Oh what a numbing loss

  • Posted on: December 01, 2022

The patient was under antenatal care of a gynaecologist at the hospital. She reported some breathing complications in the fourth month of pregnancy. The patient also expressed desire for sterilization after the delivery.

The patient delivered a healthy baby girl at full term. However, she developed severe chest infection immediately after the delivery. Hence, the sterilization procedure was postponed.

It was eventually performed after two days. Unfortunately, the patient developed acute respiratory distress syndrome (ARDS) and suffered a fatal cardiac arrest.

Her husband sued the doctors and hospital, alleging that they ought to have not performed the procedure as the patient was suffering from bronchopneumonia. It was also alleged that pre-anaesthetic check-up was not performed, and they proceeded with laparoscopic sterilisation under general anaesthesia (GA) which was against the guidelines and protocol.

The doctors presented a strong defence. It was stated that the couple were asked to defer or delay their decision of sterilization due to patient’s chest infection, but were insistent. They denied that patient suffered from bronchopneumonia at the time of performing laparoscopic sterilization.

The Commission perused medical records and concurred with the doctors that there were no clinical symptoms of bronchopneumonia. Moreover, the patient had herself informed that the cough had subsided.

The Commission also perused an expert’s opinion and observed that unless it was an emergency, GA was contraindicated for five weeks if the patient had respiratory infection and breathing difficulty. GA in such patients usually precipitates bronchopneumonia.

Citing medical records, the Commission observed that there were lapses on part of the doctors, especially the anaesthetist, and stated the following:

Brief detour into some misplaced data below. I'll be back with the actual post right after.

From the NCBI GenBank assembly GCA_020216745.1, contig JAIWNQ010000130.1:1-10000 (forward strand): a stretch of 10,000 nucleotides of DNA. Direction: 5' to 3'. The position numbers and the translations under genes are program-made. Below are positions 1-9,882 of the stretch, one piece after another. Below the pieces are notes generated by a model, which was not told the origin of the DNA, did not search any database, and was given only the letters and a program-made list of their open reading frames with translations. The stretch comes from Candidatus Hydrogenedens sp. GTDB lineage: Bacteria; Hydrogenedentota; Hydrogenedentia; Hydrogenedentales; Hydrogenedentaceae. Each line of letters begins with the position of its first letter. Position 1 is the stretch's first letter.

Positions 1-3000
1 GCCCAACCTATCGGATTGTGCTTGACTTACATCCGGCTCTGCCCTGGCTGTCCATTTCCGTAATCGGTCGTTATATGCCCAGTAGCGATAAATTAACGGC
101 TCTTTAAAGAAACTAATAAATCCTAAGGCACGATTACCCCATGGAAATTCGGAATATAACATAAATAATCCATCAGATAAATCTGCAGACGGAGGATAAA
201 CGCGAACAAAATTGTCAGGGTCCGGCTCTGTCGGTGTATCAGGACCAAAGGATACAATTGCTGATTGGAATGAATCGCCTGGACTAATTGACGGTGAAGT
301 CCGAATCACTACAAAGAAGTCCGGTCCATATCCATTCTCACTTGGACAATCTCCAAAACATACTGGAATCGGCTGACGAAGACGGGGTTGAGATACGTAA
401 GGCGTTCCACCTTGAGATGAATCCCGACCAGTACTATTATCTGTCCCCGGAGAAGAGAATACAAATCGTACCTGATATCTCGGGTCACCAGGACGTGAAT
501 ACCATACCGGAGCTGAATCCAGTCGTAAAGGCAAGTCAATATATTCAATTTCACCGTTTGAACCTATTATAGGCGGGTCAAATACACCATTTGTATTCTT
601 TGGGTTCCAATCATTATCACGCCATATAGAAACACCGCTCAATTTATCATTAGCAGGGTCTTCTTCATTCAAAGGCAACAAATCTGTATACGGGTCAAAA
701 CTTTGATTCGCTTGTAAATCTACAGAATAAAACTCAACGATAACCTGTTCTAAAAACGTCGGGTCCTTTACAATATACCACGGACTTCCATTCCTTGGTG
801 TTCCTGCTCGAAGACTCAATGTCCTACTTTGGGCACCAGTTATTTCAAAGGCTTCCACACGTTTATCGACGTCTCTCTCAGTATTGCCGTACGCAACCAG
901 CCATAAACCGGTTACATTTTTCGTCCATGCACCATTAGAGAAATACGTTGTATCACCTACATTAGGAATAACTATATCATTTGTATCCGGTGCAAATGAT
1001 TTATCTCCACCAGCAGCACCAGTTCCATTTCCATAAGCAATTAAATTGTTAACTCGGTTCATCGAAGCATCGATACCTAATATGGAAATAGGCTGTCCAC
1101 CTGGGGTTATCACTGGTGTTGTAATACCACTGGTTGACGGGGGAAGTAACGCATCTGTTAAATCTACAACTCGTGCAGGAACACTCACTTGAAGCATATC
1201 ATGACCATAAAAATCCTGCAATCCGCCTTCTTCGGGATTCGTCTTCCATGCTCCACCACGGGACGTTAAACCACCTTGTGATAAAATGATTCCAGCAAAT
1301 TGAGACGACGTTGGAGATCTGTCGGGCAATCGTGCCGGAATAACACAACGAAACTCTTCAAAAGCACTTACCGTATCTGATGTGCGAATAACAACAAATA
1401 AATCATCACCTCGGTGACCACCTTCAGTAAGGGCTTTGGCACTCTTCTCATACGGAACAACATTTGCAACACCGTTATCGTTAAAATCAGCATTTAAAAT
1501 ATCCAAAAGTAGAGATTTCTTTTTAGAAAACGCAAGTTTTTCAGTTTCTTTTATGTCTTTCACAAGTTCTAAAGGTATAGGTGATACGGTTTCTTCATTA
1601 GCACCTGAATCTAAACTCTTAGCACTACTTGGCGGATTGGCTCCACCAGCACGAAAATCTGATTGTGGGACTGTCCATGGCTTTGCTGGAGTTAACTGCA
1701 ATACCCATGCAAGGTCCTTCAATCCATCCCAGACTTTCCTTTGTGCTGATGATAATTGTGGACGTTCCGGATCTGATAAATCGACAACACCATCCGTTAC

“We are surprised that pre-anaesthetic check-up was performed by the anaesthetist in operation theatre on the day of operation just few hours before the operation. He was aware about patient’s respiratory infection and that she was on antibiotics and bronchodilators. Moreover, in the instant case laparoscopic sterilization was not an emergency surgery; it could have been postponed till the complete cure / control of respiratory infection”.

“It appears the doctors were shunting their duties between surgeon, junior doctor and anaesthetist. Therefore, in our considered view, the surgeon and anaesthetist involved in the laparoscopic sterilization surgery are responsible for the negligence. Post-operatively the patient developed respiratory distress and hypoxemia leading to pulmonary oedema, the possibility of aspiration pneumonia cannot be ruled out. We find the post-operative complications and resuscitation were managed with consultation of specialists. But, to save the life of patient, the doctors failed to refer her to a higher centre”.

The hospital, surgeon and anaesthetist were held negligent and ordered to pay a hefty compensation.

Source: Order pronounced by National Consumer Disputes Redressal Commission on 25th May, 2022.